McQuaid’s addition also complicates matters for the resurgent hopeful, Brendan Smith, as well as the likes of John Gilmour and Tony DeAngelo. But competition breeds excellence insofar as the best-performing players are actually selected for this roster. Should McQuaid beat any number of the Rangers’ young defensive prospects — particularly those who are no longer waivers-exempt — the club could still opt to flip one for other assets. After all, there’s generally no shortage of teams willing to take on young reclamation projects.

Though the optics of a soon-to-be 32-year-old beating out youngsters isn’t great, it’s important to remember that McQuaid is something of a stopgap serving as a bridge to the most important blueline defensive prospects who are still years away like Libor Hajek and K’Andre Miller. None of whom he can reasonably be expected to block an NHL path from.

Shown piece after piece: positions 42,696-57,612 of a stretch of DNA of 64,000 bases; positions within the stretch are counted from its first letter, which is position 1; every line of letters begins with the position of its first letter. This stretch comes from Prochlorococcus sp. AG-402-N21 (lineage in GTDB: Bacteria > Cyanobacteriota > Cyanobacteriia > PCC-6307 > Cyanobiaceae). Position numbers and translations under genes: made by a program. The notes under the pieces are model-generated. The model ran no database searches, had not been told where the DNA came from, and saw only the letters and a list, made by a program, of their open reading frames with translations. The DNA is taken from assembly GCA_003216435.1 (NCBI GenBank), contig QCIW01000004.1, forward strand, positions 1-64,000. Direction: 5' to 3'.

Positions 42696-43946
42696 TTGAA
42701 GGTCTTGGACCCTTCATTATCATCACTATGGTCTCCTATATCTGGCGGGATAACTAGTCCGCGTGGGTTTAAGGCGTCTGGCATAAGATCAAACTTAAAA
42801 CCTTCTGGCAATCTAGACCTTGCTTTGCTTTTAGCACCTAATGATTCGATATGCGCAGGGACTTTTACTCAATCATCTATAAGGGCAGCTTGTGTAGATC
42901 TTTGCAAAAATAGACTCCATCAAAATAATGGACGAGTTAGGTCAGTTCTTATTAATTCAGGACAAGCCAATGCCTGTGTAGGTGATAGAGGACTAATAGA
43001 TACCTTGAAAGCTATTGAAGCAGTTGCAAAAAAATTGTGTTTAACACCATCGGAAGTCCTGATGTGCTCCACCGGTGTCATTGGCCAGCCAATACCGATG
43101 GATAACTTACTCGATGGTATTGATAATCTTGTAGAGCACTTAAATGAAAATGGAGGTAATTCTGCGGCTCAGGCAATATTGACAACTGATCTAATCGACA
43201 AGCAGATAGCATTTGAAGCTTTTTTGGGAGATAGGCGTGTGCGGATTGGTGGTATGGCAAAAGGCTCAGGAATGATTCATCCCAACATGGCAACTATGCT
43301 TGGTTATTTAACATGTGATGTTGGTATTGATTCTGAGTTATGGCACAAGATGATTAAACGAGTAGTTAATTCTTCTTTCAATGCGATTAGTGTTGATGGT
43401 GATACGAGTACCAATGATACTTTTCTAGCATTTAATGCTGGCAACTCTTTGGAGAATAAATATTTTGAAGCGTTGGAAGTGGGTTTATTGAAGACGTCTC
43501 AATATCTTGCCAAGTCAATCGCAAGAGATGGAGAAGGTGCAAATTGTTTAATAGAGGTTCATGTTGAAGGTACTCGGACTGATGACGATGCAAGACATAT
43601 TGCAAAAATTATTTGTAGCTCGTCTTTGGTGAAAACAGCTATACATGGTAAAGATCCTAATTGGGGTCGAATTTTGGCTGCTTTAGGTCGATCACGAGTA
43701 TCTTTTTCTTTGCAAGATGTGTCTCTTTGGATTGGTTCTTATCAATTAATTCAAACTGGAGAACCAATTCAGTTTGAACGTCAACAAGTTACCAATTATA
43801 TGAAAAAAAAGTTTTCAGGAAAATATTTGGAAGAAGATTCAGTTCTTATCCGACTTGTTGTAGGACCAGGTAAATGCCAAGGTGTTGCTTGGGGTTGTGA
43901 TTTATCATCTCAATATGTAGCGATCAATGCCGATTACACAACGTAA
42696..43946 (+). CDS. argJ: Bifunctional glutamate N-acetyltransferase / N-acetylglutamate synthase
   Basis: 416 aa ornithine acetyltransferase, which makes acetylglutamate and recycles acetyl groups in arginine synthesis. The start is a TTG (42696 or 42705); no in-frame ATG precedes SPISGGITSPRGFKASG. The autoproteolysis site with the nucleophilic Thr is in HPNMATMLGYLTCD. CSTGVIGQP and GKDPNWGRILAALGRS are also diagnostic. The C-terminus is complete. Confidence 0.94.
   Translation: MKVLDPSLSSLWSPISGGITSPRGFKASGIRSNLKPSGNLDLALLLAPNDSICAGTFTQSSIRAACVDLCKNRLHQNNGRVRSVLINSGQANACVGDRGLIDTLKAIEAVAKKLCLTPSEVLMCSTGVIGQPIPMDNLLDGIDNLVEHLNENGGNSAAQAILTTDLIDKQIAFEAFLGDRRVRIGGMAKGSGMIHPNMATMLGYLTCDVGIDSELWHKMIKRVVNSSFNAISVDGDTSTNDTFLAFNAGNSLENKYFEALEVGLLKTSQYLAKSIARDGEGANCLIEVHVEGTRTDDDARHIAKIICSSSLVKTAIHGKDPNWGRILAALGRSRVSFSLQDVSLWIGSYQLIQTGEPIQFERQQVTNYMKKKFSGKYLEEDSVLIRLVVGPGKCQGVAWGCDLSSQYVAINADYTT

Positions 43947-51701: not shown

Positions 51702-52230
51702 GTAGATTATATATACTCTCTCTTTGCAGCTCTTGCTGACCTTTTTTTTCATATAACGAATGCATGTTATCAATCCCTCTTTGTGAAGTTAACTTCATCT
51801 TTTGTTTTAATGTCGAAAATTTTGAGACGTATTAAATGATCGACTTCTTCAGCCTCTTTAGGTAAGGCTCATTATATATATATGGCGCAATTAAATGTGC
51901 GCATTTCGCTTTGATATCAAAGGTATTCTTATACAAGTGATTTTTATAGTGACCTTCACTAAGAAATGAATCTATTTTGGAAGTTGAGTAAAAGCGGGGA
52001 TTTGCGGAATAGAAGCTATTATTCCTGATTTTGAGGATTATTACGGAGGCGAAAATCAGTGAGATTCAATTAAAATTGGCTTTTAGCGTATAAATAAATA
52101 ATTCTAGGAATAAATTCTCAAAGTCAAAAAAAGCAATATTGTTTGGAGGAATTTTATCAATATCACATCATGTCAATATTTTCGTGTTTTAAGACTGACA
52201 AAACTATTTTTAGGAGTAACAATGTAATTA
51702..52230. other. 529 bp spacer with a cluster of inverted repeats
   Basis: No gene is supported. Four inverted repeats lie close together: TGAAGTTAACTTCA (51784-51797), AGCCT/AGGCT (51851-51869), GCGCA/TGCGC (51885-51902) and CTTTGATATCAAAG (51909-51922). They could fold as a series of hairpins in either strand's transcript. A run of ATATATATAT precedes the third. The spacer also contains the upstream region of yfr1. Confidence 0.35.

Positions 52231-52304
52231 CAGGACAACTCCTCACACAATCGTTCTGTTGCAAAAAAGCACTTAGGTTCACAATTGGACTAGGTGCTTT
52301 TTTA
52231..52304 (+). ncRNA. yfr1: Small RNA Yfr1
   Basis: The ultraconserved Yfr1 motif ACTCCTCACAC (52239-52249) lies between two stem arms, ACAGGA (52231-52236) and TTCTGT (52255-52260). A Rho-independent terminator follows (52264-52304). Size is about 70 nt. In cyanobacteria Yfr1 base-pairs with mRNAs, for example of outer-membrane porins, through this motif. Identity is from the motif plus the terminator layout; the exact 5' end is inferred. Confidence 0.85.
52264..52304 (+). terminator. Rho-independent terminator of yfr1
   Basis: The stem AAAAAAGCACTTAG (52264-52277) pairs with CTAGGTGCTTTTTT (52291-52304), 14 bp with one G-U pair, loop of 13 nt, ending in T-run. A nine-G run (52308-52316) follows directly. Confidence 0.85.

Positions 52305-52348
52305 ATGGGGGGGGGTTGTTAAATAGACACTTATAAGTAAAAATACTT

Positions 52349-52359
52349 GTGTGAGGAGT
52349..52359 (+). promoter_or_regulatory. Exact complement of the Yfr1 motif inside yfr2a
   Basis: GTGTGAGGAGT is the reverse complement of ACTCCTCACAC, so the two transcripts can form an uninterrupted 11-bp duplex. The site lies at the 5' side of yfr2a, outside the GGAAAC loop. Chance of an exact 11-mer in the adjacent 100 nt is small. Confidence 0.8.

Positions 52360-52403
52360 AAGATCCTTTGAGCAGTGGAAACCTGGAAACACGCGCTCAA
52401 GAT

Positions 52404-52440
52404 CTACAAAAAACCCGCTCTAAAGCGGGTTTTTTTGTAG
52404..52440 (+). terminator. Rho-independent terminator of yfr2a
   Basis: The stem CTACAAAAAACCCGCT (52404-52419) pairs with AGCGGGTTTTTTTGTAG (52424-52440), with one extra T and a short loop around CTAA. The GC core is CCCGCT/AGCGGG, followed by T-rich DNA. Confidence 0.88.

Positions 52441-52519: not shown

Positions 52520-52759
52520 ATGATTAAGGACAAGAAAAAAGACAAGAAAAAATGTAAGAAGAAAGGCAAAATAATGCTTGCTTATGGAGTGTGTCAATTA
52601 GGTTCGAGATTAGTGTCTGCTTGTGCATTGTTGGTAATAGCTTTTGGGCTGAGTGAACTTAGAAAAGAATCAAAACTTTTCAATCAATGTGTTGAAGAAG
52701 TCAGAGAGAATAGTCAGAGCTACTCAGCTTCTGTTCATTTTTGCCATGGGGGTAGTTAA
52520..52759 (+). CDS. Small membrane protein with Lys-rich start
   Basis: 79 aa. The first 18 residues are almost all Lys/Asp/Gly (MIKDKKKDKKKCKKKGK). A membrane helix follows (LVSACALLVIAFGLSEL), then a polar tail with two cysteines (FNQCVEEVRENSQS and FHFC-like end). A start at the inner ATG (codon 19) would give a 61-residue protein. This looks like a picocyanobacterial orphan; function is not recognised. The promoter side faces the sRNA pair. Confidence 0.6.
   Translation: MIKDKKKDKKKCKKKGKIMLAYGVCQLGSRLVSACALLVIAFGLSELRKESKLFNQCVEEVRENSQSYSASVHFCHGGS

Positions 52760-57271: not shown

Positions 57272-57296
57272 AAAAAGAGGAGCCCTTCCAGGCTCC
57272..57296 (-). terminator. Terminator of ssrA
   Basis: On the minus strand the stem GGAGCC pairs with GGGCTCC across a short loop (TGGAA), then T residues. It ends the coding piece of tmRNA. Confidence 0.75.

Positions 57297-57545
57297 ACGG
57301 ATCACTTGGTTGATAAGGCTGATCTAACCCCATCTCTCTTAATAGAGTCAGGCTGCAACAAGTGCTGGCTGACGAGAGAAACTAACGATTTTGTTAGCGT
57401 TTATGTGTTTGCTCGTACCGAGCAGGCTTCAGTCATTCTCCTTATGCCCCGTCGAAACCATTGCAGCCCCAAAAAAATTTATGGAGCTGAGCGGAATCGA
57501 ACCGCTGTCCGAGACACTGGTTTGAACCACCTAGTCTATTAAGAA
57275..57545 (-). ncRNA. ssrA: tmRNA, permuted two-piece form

While it’s fair to question if the Rangers paid too much to acquire McQuaid, especially at this stage of his career, it’s suspect to question the character of the man they acquired. Just ask any of his teammates over the last eight seasons. I doubt you’ll find many, if any, with a bad word to say about him.

Character may be a derision-inducing buzzword in some hockey circles, but to the decision-makers and players around the league, it’s still a valuable and respected trait. With the Rangers projected to finish toward the bottom of the standings again, keeping the atmosphere around the rebuilding team as light as possible, especially as the deadline nears, is paramount.

It’s unlikely McQuaid will be a Ranger beyond some percentage of this season, but for as long as they have him, he’s sure to be a positive benefit to the guys in the room. He can also serve as a paving stone for Quinn’s “in your face” coaching style, at least on nights he plays. For a rebuilding team who are likely to endure more losses than wins, that can go a long way in establishing the kind of culture that’s needed to transition from loss to championship, even if he won’t be around to experience it.